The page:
Livestream shopping on social media is totally disrupting traditional e-commerce in China. At the heart of this online craze are the top influencers who sell millions of dollars worth of products every night, especially beauty and fashion products.
The state of live stream in China in 2022
Live stream shopping, one of the hottest trends in China every night, tens of millions of people watch live shows hosted by influencers and buy the products they recommend on e-commerce and social apps like Taobao and doing the sister app of Tik Tok.
It has changed the way people shop. You can come to watch various fashion collections even if you don't intend to buy. But once you start to watch, it's likely that will buy. It's not about only shopping, it's about the experience. It's about having fun. You got to see 3-D, you got to see some kind of action. It's almost like a theatre act.
How many users have purchased items on live streams in China?
The internet craze has taken over China. By the end of 2020, the country had almost four hundred million live streamed shopping users. China's livestream e-commerce market has also grown dramatically, with an estimated value of 161 billion dollars in 2020. It's becoming popular outside China as well.
Is livestreaming the future of fashion shopping?
Live streaming is not a new thing in China, it started in 2015 with the rollout of 4G, and it was first used for entertainment and socializing. Many live streamers perform for their followers or chatted to them, making money by receiving virtual currency and gifts. In the West, livestreaming is mainly the domain of avid gamers. In China, it's broken into e-commerce.
China actually has a very big e-commerce empire, so it uses these super apps what we call that you have payment, you have search of information, you have recommendation system and you have a huge amount of goods available on the platform and as well as a lot of consumers. So with this advantage, they merge these features of livestreaming to make the influencers actually sell goods.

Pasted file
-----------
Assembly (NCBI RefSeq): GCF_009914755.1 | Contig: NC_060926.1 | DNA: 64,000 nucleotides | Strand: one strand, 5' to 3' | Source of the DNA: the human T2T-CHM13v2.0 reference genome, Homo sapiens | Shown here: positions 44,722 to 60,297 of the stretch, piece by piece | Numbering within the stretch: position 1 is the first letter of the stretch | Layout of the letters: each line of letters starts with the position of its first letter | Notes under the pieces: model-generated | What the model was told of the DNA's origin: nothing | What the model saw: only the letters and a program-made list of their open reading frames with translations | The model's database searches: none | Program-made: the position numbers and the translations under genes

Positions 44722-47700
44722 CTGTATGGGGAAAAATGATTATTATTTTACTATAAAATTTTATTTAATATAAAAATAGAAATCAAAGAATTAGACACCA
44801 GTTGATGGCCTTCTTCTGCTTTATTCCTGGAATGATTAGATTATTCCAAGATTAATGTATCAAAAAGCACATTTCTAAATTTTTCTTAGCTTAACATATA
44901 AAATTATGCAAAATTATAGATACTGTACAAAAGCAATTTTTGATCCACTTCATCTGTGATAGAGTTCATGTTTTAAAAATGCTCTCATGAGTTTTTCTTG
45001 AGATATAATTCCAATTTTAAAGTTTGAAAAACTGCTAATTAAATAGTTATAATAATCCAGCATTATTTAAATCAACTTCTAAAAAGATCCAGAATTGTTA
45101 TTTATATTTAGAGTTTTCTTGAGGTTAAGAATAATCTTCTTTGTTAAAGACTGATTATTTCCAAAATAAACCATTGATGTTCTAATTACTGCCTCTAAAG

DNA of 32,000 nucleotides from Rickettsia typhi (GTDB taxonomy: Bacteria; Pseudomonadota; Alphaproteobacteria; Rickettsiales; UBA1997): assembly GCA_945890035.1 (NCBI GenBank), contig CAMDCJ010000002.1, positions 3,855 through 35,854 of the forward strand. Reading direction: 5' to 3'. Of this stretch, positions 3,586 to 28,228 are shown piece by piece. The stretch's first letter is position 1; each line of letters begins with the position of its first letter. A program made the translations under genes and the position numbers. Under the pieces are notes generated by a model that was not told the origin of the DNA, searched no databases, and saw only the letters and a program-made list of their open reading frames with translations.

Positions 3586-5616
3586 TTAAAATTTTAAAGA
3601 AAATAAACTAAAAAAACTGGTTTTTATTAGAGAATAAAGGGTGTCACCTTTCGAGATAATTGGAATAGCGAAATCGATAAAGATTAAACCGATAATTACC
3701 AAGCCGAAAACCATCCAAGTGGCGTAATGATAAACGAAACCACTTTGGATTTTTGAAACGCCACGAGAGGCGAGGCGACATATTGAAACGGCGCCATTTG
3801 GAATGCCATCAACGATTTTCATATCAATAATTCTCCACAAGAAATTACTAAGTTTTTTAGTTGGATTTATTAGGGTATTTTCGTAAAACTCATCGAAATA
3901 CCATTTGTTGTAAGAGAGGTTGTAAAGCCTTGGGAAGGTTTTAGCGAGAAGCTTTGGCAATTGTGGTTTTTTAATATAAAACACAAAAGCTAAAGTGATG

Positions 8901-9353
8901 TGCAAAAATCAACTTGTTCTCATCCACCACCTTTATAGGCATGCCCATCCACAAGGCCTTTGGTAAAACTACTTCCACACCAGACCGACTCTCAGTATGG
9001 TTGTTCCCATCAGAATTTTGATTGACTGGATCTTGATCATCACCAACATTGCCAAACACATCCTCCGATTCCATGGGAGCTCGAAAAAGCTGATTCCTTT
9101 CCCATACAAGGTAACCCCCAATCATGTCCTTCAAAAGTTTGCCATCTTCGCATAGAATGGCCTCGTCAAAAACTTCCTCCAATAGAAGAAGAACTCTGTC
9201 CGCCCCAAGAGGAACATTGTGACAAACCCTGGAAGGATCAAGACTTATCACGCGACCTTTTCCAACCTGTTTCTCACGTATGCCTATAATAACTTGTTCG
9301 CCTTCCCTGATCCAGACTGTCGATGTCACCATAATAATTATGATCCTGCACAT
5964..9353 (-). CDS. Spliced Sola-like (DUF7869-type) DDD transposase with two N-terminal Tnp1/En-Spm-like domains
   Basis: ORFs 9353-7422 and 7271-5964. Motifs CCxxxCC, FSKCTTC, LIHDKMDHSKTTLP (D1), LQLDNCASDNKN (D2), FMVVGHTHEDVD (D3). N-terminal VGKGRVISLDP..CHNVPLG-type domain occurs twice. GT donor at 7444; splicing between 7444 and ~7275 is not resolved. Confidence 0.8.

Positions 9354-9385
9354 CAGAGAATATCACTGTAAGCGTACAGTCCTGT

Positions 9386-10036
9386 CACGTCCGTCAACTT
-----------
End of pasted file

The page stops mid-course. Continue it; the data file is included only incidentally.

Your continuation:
Traditional TV shopping involves a one way direction whereby a host introduces a product, demonstrates the things and say, call this number or something. But livestream shopping is live. That in itself is a very, very big difference that causes different psychology, and livestream shopping is a very entertaining way of actually engaging someone else.
When you shop a live streaming video will continue. It will minimize into a corner and you can like buy the items and pay on the same app. After that, the livestreaming sreen will just enlarge by itself, and the promoter will come back to screen. So it's very convenient.
Livestream shopping on Taobao
Taobao one of China's biggest e-commerce platforms owned by tech giant Alibaba, added a live streaming function in early 2026 in the following years. Other e-commerce and social platforms like JD also integrated this feature.
Over 70 billion dollars worth of goods was sold via livestream on Taobao in the year through March 2021. Latest surveys show that over 60 percent of livestream users in China were watching shopping shows, and over 65 percent of them shopped at least once via livestream. In 2020 Live Stream Shopping got a huge boost during the pandemic, when millions of people were in lockdown and many retailers were pushed online.
People during the lockdown felt like there's a need for more social interactions. This live platform creates an interesting kind of environment that gives people the sense that I'm actually interacting with you. A livestream shopping brings in a lot more variety of things that people could buy and satisfy their sense of the sense of losing control, especially during pandemic.
Who are the top Chinese influencers?
At the heart of this craze are the top influencers who have tens of millions of followers and sell products worth millions of dollars every night. They often use their star power to get bargains from retailers, which in turn boosts your own sales and influence.
So if you think about China's livestreaming, you have to know the king and queen of the influencers. The queen of livestreaming, Viya, is actually having the biggest viewership and the biggest sales volume for a long time on Taobao platform. She can sell everything from Gucci sunglasses, lipsticks, homes and cars. One time, she offered her followers to go on a Tesla ride with her and she even for once sold a rocket launch in her livestreaming room for 40 million yen. The king would be Li Jiaqi, more widely known as lipsticks brother. He used to be a cosmetic sales before he turned into a livestreaming e-commerce, and he knows a lot about the cosmetics. So he's the one that we will actually put the lipsticks on himself when he's on the show.